Date of Graduation

8-2014

Document Type

Thesis

Degree Name

Master of Science in Kinesiology (MS)

Degree Level

Graduate

Department

Health, Human Performance and Recreation

Advisor

Brendon McDermott

Committee Member

Matthew Ganio

Second Committee Member

Matthew Ganio

Third Committee Member

Stavoros Kavouras

Keywords

Air, Breathing, Cool, Cycling, Effects, Heat

Abstract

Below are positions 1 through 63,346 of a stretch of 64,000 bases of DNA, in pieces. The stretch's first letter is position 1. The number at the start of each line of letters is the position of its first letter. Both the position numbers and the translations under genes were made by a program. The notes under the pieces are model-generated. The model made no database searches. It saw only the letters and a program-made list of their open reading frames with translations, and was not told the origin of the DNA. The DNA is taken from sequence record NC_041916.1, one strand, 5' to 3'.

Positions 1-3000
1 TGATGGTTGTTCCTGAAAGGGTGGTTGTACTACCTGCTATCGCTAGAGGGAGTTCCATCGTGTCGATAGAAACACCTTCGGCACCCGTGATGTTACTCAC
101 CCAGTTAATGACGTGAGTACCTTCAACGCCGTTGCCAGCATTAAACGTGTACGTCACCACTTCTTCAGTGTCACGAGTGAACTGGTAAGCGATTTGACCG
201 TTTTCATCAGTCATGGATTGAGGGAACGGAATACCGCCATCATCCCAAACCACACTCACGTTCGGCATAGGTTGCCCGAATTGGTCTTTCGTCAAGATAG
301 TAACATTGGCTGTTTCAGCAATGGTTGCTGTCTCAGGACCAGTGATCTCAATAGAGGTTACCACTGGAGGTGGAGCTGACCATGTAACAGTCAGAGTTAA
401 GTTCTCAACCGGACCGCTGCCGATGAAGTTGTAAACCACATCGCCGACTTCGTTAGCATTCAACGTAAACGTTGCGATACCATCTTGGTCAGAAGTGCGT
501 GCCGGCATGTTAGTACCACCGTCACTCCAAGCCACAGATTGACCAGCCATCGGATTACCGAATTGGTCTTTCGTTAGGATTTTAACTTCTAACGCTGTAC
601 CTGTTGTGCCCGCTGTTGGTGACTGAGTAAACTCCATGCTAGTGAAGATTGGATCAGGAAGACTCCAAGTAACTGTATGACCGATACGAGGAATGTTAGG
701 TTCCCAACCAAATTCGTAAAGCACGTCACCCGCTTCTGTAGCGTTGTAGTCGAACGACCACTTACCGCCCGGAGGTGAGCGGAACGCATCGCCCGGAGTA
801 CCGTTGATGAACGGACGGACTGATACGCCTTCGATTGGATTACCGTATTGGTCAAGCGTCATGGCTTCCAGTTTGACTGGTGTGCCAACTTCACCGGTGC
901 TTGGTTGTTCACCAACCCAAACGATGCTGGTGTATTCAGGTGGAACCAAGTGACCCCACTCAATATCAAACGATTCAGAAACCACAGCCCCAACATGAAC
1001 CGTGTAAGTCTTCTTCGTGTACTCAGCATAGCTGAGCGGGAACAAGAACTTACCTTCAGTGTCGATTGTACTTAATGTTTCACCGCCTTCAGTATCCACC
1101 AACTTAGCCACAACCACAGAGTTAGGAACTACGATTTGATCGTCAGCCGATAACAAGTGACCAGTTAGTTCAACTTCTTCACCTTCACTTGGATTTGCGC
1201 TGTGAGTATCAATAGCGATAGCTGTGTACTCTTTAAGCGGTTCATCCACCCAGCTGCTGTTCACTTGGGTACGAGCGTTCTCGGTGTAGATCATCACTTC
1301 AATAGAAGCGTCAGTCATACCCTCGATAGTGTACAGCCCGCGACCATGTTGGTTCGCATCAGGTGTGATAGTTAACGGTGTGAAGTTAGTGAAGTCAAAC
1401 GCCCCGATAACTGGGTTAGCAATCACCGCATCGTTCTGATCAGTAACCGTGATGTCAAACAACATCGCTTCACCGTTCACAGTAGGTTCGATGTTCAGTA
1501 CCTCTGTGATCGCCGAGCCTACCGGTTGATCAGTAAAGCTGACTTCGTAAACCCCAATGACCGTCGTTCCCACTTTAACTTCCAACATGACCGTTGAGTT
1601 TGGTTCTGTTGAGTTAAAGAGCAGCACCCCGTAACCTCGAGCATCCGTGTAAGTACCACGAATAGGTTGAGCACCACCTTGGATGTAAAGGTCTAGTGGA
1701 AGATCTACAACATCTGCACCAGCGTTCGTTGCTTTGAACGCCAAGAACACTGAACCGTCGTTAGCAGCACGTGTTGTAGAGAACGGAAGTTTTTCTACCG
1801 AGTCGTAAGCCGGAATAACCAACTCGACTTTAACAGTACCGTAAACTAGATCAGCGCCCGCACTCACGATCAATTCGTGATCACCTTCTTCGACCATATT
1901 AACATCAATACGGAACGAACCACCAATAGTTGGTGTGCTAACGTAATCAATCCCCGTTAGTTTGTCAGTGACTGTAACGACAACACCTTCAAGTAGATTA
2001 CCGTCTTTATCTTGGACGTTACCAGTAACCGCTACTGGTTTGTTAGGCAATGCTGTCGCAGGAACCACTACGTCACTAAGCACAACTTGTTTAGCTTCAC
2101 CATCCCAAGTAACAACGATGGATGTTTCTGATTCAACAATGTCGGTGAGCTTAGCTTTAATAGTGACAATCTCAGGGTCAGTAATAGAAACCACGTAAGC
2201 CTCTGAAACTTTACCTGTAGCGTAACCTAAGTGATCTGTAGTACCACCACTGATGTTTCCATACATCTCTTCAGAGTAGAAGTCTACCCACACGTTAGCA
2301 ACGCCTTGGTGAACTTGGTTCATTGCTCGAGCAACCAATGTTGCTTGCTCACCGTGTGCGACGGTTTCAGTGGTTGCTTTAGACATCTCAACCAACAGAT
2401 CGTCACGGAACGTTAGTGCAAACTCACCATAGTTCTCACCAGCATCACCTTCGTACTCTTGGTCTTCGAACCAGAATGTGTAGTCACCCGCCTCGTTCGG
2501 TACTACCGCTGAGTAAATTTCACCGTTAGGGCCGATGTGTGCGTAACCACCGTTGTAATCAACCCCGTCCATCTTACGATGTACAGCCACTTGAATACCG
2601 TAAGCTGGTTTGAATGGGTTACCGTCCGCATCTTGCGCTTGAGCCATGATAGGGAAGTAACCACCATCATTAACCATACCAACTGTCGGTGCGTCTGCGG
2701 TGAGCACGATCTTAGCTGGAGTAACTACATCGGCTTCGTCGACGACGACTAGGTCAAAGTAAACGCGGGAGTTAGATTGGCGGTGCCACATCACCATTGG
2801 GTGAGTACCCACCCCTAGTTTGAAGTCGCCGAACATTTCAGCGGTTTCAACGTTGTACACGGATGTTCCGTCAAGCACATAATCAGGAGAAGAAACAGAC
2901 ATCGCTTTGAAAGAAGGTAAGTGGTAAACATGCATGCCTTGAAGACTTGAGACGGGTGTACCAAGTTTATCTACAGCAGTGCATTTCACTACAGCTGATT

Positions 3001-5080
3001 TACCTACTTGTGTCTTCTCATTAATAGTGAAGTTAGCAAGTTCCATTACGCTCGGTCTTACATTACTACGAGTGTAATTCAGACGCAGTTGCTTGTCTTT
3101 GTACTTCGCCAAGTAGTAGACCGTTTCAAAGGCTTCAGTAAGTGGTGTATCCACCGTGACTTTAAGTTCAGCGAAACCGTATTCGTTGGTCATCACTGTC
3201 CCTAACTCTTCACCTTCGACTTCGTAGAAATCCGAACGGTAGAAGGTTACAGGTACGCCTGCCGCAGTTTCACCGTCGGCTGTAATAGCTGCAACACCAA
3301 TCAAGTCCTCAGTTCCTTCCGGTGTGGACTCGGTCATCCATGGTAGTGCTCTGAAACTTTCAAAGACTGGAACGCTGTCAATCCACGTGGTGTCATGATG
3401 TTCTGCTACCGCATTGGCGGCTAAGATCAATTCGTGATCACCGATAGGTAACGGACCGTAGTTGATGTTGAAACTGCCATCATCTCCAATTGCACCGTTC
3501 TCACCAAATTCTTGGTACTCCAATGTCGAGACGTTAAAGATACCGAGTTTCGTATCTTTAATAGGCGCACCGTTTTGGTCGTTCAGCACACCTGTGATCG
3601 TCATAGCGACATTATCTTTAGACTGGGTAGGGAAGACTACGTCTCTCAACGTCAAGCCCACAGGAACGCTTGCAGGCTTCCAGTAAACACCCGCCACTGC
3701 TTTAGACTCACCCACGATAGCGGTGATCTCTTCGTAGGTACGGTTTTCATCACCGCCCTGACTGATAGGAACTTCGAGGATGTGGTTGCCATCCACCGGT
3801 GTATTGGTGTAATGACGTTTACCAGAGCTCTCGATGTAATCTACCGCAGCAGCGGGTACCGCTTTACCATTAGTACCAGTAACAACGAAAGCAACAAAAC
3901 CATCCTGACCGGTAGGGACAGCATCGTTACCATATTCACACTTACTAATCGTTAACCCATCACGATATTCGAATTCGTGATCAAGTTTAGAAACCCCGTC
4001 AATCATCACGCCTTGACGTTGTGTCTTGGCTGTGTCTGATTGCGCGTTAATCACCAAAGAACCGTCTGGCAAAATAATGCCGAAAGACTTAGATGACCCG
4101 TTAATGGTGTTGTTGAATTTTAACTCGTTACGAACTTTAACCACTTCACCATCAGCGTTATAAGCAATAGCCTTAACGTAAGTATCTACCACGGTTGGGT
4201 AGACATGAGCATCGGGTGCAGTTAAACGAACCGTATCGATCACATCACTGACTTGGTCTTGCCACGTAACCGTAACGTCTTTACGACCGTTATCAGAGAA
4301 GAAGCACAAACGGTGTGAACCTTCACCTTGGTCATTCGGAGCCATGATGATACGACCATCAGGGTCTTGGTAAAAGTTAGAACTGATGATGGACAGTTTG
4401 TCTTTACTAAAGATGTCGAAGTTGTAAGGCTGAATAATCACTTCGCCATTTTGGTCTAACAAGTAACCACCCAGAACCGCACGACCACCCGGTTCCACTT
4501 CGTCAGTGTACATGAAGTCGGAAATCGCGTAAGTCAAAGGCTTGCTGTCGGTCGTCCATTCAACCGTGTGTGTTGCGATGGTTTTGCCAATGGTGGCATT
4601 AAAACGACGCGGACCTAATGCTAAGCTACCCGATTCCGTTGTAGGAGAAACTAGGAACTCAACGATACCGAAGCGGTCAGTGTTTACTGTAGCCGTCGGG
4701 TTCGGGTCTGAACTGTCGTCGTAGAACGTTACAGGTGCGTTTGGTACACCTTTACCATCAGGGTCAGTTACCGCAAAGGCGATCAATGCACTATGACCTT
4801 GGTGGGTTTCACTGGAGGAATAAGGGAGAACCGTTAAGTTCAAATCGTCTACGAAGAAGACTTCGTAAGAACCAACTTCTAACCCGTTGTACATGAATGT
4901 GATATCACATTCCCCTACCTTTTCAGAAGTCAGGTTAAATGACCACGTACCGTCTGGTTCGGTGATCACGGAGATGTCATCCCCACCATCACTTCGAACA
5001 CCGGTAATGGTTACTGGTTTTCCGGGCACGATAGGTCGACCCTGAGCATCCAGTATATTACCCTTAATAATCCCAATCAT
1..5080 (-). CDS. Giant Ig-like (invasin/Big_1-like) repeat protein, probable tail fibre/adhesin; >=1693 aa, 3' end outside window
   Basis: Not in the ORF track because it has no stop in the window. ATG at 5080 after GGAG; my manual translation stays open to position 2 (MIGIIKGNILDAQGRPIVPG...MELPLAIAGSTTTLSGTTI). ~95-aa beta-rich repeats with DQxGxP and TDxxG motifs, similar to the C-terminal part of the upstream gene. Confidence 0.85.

INTRODUCTION: The purpose of this study was to establish the ability of the Core Cooler device to prevent rises in physiological heat strain of trained male cyclists during cycling exercise in the heat. METHODS: 15 healthy male cyclists cycled at 50-70% VO2max for 75 minutes in a heat chamber of 31°C & 55% RH while breathing through the Core Cooler device under three different conditions: 1:4 ratio without ice termed control (CN), 1:4 ratio with ice termed low intermittent (LI), and at 1:1 ratio with ice termed high intermittent (HI). Data collected every 15 minutes assessing intestinal temperature (TGI), heart rate (HR), physiological strain index (PSI), blood pressure (BP), mean skin temperature (TSK), and perception of thirst, thermal sensation, and rate of perceived exertion, inspired air temperature, ambient temperature and relative humidity in all trials. VO2 workload and respiratory rates (RR) recorded three times at evenly spaced time points (12.30, 42.30, 1.12.30), during all trials respectively. Statistical significance was set at a p value of 0.05 and measured using repeated measures ANOVA and post hoc t-test. RESULTS: No statistically significant differences in diet, USG, temperature, %RH, VO2 workload, or RR were found between any trial. Inspired air temperature averaged significantly different between CNvsLI & CN¬vsHI (p<0.01, CN 30.92±0.35°C, LI 19.81±0.44°C, & HI 19.28±0.72°C), but not between LIvsHI (p=1.000). Physiological responses between trials found insignificant differences. TGI produced significant interactions between trials (p = 0.033) averaging CN 37.86±0.02°C, LI 37.91±0.10°C, & HI 37.80±0.07°C, but post hoc analysis provided no difference between any time or trial (p>0.05). HR (p=0.103), systolic BP (n=11, p = 0.102), diastolic BP (n=11, p = 0.190), TSK (n=5, p=0.464), thirst (p=0.773), thermal sensation (p=0.709), and RPE (p=0.669) were not significantly different between trials. CONCLUSION: Modifications to the Core Cooler device are needed providing greater inhalation capabilities of cool air during exercise in the heat for significant attenuation of physiological heat strain. The Core Cooler in its current form will not provide an adequate prevention to heat illness, prolong endurance capabilities, or enhanced performance to a significant degree. This research was funded by Core Cooler Company, LLC.

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